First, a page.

The Blinding Reality of Australia’s Achromatic Radio

There seems to be no vision for cultural, ethnic or gender representation in our radio programmes.

Whether it be the sounds of school drop offs or national broadcast platforms, Australian radio seems to only have one colour. White. More specifically, old, white and male. Despite advancements on other platforms, this still rings true for radio today. 

Surfing between AM and FM, you’d be lucky to find a radio host or team deviating from the euro-centric mould. The broadcasting medium has not progressed at the same rate as many other forms. Though offering stations in community languages and installing segments for ethno-cultural voices is a step worth acknowledgment, these steps are limited to non-commercial broadcasted, relegated to off-peak time slots. Established and commercial stations still remain particularly white spaces. 

Why haven’t we heard an ethnic voice that Australians can connect to? A voice truly reflective of the stories and art of contemporary Australia? The problem of ethno-cultural diversity starts at the very top. 

In April 2022, Commercial Radio Australia appointed Ford Ennal, the founding CEO of Digital UK, to take over the coveted national position. When interviewed about his vision for the nation’s radio industry, the British tech mogul vowed to “achieve its potential with both listeners and brands.” Recognised for his relationships with global brands and strides towards digitisation, Ennal has his eyes set on expansion. 

And yet to no surprise, there seems to be no vision for cultural, ethnic or gender representation in our radio programmes. Put simply, Ennal’s angle is about expansion and brand growth and, despite emigrating to Sydney, he cannot be the voice for change that Australia’s radio industry needs.

Before we even address the institutional white dominance, the gender imbalance comes into play. Of the top 15 radio stations in Australia, almost every host is white middle aged men. And even then these women are often paired with a male or only present off-peak segments. The leading voices of Australia’s commercial radio industry lack diversity, across gender, race and culture.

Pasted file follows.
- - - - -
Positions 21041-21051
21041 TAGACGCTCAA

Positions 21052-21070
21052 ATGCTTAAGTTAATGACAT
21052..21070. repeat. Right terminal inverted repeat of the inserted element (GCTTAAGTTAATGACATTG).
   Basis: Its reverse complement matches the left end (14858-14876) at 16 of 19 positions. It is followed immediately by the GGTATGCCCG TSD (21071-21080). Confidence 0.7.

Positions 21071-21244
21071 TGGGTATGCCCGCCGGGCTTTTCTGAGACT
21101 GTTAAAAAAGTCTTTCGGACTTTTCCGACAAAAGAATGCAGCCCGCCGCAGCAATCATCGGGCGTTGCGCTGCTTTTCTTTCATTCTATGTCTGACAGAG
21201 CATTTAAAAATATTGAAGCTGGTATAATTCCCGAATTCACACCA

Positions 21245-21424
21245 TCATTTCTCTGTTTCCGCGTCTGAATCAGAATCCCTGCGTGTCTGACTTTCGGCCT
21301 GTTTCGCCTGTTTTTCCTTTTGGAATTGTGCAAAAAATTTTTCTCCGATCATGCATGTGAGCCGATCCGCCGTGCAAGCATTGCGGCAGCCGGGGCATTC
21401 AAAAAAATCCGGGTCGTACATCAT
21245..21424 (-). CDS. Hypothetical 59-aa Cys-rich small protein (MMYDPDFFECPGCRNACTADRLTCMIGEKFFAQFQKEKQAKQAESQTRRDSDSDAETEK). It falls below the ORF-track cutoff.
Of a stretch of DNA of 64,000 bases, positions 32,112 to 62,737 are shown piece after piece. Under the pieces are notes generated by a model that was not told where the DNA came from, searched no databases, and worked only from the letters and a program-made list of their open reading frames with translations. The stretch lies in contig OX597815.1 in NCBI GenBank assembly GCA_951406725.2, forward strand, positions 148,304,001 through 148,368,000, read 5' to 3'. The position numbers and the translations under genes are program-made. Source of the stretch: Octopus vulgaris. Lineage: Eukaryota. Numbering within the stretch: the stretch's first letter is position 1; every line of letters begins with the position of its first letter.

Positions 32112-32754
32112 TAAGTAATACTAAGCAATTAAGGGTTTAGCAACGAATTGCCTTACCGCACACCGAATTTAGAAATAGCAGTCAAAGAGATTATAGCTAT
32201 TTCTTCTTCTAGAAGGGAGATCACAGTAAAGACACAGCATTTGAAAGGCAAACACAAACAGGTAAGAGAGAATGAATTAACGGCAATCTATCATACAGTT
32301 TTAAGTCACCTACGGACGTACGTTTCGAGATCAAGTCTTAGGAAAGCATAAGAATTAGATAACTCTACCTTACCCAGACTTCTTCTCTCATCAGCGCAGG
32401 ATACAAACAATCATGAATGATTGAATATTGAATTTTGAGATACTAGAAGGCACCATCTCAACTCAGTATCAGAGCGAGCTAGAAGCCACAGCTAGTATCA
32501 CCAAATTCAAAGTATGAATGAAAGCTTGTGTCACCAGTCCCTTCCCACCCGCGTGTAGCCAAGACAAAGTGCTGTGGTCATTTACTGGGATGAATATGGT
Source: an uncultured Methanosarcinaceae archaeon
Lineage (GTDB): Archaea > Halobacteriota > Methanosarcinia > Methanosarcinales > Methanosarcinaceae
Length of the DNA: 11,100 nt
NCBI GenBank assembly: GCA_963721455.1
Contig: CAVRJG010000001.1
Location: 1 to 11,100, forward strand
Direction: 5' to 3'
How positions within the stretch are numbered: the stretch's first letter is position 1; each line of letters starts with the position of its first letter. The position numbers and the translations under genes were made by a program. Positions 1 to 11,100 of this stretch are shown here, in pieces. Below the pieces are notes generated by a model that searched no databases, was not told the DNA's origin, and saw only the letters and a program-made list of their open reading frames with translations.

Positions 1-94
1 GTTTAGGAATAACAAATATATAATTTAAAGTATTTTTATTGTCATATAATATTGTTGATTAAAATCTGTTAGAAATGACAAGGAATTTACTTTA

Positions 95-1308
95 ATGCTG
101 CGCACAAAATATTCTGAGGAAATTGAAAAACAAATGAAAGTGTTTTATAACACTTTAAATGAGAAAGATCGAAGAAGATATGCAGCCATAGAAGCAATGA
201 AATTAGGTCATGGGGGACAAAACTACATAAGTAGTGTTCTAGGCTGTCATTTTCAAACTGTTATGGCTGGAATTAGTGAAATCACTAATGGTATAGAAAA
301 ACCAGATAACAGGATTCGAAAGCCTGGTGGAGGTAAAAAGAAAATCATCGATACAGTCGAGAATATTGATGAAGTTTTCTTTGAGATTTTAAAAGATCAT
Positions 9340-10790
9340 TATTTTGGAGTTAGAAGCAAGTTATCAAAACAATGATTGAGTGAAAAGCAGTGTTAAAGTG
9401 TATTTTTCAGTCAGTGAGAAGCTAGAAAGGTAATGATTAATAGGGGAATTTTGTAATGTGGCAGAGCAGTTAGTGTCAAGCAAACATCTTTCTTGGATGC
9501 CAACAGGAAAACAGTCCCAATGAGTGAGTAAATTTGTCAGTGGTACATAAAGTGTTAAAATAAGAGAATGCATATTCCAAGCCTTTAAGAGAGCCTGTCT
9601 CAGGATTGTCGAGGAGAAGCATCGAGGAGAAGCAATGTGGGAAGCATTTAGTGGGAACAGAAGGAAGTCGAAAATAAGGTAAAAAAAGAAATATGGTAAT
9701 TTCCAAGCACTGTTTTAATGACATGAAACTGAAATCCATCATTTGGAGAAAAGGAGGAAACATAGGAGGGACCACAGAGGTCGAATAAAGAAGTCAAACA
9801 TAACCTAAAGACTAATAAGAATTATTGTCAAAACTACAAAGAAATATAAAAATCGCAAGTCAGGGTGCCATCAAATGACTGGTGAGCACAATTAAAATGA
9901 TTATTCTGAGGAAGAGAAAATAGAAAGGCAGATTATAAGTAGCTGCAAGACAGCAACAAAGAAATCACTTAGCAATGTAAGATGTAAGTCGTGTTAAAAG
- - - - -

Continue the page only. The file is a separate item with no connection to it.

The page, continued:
So this leads to the main question. Why is commercial radio the last remaining bastion of middle-aged white men? It is clear that the nation’s top radio station hosts are overwhelmingly white. Alan Jones, Kyle Sandilands, Rhys Holleran, Brendan ‘Jonesy’ Jones — the list goes on. Every station is led by the same voices, producing an outdated representation of Australia’s listener culture. 

These most listened to platforms perpetuate a mould that only men can lead or uphold radio broadcasting. What message does this send to the children in the backseat on the way to school? When they’ll never hear a name, ethnicity or identity like theirs?

Despite this, other corners of the broadcasting sphere have made moderate advancements. Triple J has recently platformed “Blak Out”, a 5-6pm segment every Sunday hosted by an Aboriginal artist, Nooky, a proud Yuin and Thungutti man. This segment showcases Australia’s vibrant First Nation’s talent. Nooky is a fresh voice in Australian radio, providing  an authentic shade of Australian sound. But although Triple J is providing valuable exposure, one hour on a Sunday is not enough.  Sunday is an off-peak period which tends to receive the least listeners of the week on a single radio station.  It is a start, but still not good enough. 

But what’s next for Commercial Radio Australia’s listening repertoire? It’s not meeting its competitors in other mediums. There hasn’t been a revolution of hosting culture and there doesn’t seem to be one coming. The lack of diversity in Australian radio is institutional and will require a lot of work to instigate true gender, ethno-cultural and aesthetic change. 

On a community level, a more dynamic image and culture is displayed. If you’re looking for Indigenous radio platforms to support, consider NIRS, First Nations Radio, 3KND, Noongar Radio or 2CUZ. If you’re looking for community radio stations that platform local Eora artists or have a broader breadth of both ethno-cultural and identity spectrums then consider FBi Radio, Radio Skidrow or 2RDJ. The University of Sydney has SURG, a fusion student led radio station which showcases local student musicians, collectives and critics. 

So, tune in. When you turn on your radio, listen to the blinding reality of Australia’s broadcasting industry. And demand change. We want to listen to diverse voices and perspectives. Let’s make sure they are heard. 

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